Last Night: Filter | Rock Candy

Last Night: Filter

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Filter
Aug. 6, Revoultion.
  
The menacing wall of sound directly inside the entrance to Revolution should have been a keen indicator of what was in store for the hordes of people who showed up for a healthy dose of staggering industrial jams, delivered by among the most highly regarded veterans of the post-grunge, hard rock/metal genre. In a phrase, they got their money’s worth.
Opening act God Fires Man, an energetic four piece from New York City, played a high-octane set of aggressive hard rock that went over extremely well. Donning everything black minus tattoos, the lead singer was quick to announce its bassist was born in Little Rock, which resulted in his posing for pictures with fans on the sidewalk long after their set ended. For a crew resembling Vivian from “The Young Ones,” credit their business acumen for announcing that by dropping one dollar in a bucket and signing an email list, they would receive a link for a free download of their debut album “A Billion Balconies Under The Sun,” before they fell asleep in their hotel room. Or, fans could purchase a copy on site for $10. Needless to say, the jar passed quickly. They tuned up the crowd nicely for the evening’s headliner.

For a band who’s only released four albums in 15 years, Filter still carries enough weight to draw an audience and put on one hell of a performance.

Flanked by a bulletproof ensemble consisting of guitarist Mitchell Marlow, bassist John Spiker and drummer Mika Fineo, lead singer and occasional guitarist Robert Patrick eased into top form, sporting mirrored tear-drop sunglasses, eerily similar to those worn by actor-brother John, who portrayed the bounty-hunting cyborg cop in Terminator 2, while navigating the stage like a stealth lion familiarizing himself with new hunting territory.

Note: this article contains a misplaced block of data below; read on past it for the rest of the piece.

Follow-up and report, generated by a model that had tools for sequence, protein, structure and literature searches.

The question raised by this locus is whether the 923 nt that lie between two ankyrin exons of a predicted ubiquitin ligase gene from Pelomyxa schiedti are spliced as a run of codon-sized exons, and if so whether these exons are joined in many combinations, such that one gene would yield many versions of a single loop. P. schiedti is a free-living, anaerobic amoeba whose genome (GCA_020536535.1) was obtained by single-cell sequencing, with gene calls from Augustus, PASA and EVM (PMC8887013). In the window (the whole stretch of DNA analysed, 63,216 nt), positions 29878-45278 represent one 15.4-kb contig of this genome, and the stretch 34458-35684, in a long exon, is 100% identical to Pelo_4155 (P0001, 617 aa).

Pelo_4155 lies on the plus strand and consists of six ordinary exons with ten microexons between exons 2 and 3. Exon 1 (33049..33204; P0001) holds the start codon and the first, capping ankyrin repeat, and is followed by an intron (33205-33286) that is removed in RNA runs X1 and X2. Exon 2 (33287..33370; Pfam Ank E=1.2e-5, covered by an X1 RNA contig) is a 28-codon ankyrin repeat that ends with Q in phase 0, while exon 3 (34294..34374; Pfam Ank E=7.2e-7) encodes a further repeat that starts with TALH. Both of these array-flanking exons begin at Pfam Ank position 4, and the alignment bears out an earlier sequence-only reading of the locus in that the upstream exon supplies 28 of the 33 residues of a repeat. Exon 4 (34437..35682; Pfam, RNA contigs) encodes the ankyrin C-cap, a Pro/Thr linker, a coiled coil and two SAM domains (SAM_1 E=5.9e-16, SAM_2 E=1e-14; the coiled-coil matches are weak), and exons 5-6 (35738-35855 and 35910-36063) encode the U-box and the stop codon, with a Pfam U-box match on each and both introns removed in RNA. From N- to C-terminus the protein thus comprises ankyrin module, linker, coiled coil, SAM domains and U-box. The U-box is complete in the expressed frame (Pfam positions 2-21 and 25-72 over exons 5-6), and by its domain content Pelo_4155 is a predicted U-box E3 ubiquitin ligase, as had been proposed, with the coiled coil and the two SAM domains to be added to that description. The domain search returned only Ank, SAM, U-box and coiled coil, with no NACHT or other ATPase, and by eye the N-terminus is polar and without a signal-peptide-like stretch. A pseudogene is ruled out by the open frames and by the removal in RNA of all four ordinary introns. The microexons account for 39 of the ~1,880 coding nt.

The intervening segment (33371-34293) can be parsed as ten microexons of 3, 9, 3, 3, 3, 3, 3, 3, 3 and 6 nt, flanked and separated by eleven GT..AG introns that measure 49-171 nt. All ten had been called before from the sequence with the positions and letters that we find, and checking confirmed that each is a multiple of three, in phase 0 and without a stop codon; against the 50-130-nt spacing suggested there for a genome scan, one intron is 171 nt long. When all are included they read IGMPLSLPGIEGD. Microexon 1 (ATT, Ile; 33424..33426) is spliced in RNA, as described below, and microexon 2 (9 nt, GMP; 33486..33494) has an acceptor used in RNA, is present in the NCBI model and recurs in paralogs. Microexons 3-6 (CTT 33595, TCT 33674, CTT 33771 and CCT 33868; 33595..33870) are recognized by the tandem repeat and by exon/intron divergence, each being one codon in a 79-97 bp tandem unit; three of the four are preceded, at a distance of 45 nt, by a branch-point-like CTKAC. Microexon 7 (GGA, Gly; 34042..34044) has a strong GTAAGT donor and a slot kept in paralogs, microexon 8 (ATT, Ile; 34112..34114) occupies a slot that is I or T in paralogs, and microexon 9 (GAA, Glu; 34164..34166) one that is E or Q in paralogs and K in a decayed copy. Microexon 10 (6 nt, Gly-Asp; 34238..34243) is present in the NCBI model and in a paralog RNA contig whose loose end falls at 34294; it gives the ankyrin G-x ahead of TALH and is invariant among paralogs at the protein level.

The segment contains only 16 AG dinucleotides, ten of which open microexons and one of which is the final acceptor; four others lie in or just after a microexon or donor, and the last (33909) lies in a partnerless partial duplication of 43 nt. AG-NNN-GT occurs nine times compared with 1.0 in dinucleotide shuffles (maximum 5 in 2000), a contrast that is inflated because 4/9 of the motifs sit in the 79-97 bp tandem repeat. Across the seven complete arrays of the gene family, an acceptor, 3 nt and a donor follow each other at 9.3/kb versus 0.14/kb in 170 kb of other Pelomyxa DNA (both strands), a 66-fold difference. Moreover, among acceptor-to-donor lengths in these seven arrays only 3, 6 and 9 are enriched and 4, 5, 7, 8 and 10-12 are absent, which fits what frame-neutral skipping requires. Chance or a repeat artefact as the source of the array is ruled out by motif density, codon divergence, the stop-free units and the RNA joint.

As expected, Filter had the crowd in its hands from the opening number. But the show’s momentum, fueled by the band’s intensity and an adoring packed house, steadily progressed like a finely tuned engine with each passing song.

About one-third into the gig, Patrick gave pause between songs to indulge in an overwhelming roar from the crowd. Grinning ear to ear, he shouted, “This is what we do, people! It’s not just us playing, but what we get in return from you being here is what makes this whole thing what it is. Thank you.”

The band even took on-the-spot requests. “If that’s what you wanna hear, then that’s what we’ll play,” Patrick reiterated on more than one occasion.

Filter is not only known for kicking out heavy industrial jams laded with chainsaw intensity, but for softer and slower melodic tunes as well. This diversity surfaced quite strategically after a few consecutive jawbreakers, allowing Patrick to splash the jammed stage front with anointments of bottled Willie Nelson water.

Enough can’t be said for Filter’s musicians. Spiker switched to guitar at least twice, almost going unnoticed, but grinning as if he’d been caught looking down someone’s shirt. Fineo made his three-piece sub-compact Spaun drum kit sound like a marching ensemble, and gave himself enough elbow room to swing for the fences while repeatedly giving his sticks a backhand twirl with the precision of a ninja. Marlow’s guitar attack was subversive, as was his stage persona. Eyeglasses, short crewed hair and arms completely sleeved with ink, he often stood perched high atop the stage monitors while fans below him nodded along with him with utter synchronicity.

Revolution’s sound quality was superb, and the touch of echo effect on Patrick’s vocals added just the right amount of depth to his banshee screams and softer melodic vocal deliveries. Way to go, Mitch Hale. Glad you’re still with us.

The instrumental tease leading up to Filter’s signature number was accompanied by Patrick’s inquiry to the crowd about guns and strangers and fragile mentalities. “Hey Man, Nice Shot,” allowed full audience participation and proved fans can recall lyrics verbatim, versus included. This is where the show peaked, band firing on all cylinders and Patrick frozen in time, fists wrenched, eyes shut tight, reaching for the sky, delivering a primal scream that’s probably still echoing the Revolution walls.

But fans demanded more and the four-song extended encore concluded with ‘Cancer,’ dedicated to “Mother Earth, because she’s a cool mom who’s trying to take care of us.”

Patrick’s showmanship is well-crafted and his audience interaction and dialogue was sincerely genuine, as it’s not difficult to realize when a crowd is being handed cookie-cutter one-liners applicable to any venue, from stadiums to nursing homes. He even graciously accepted a camouflage ball cap and wore it through an entire song before handing it back to the first outreached hand grabbing for it. Thanked the crowd repeatedly, exclaiming, “People, I could just keep doing this all night.”

Paul Peterson

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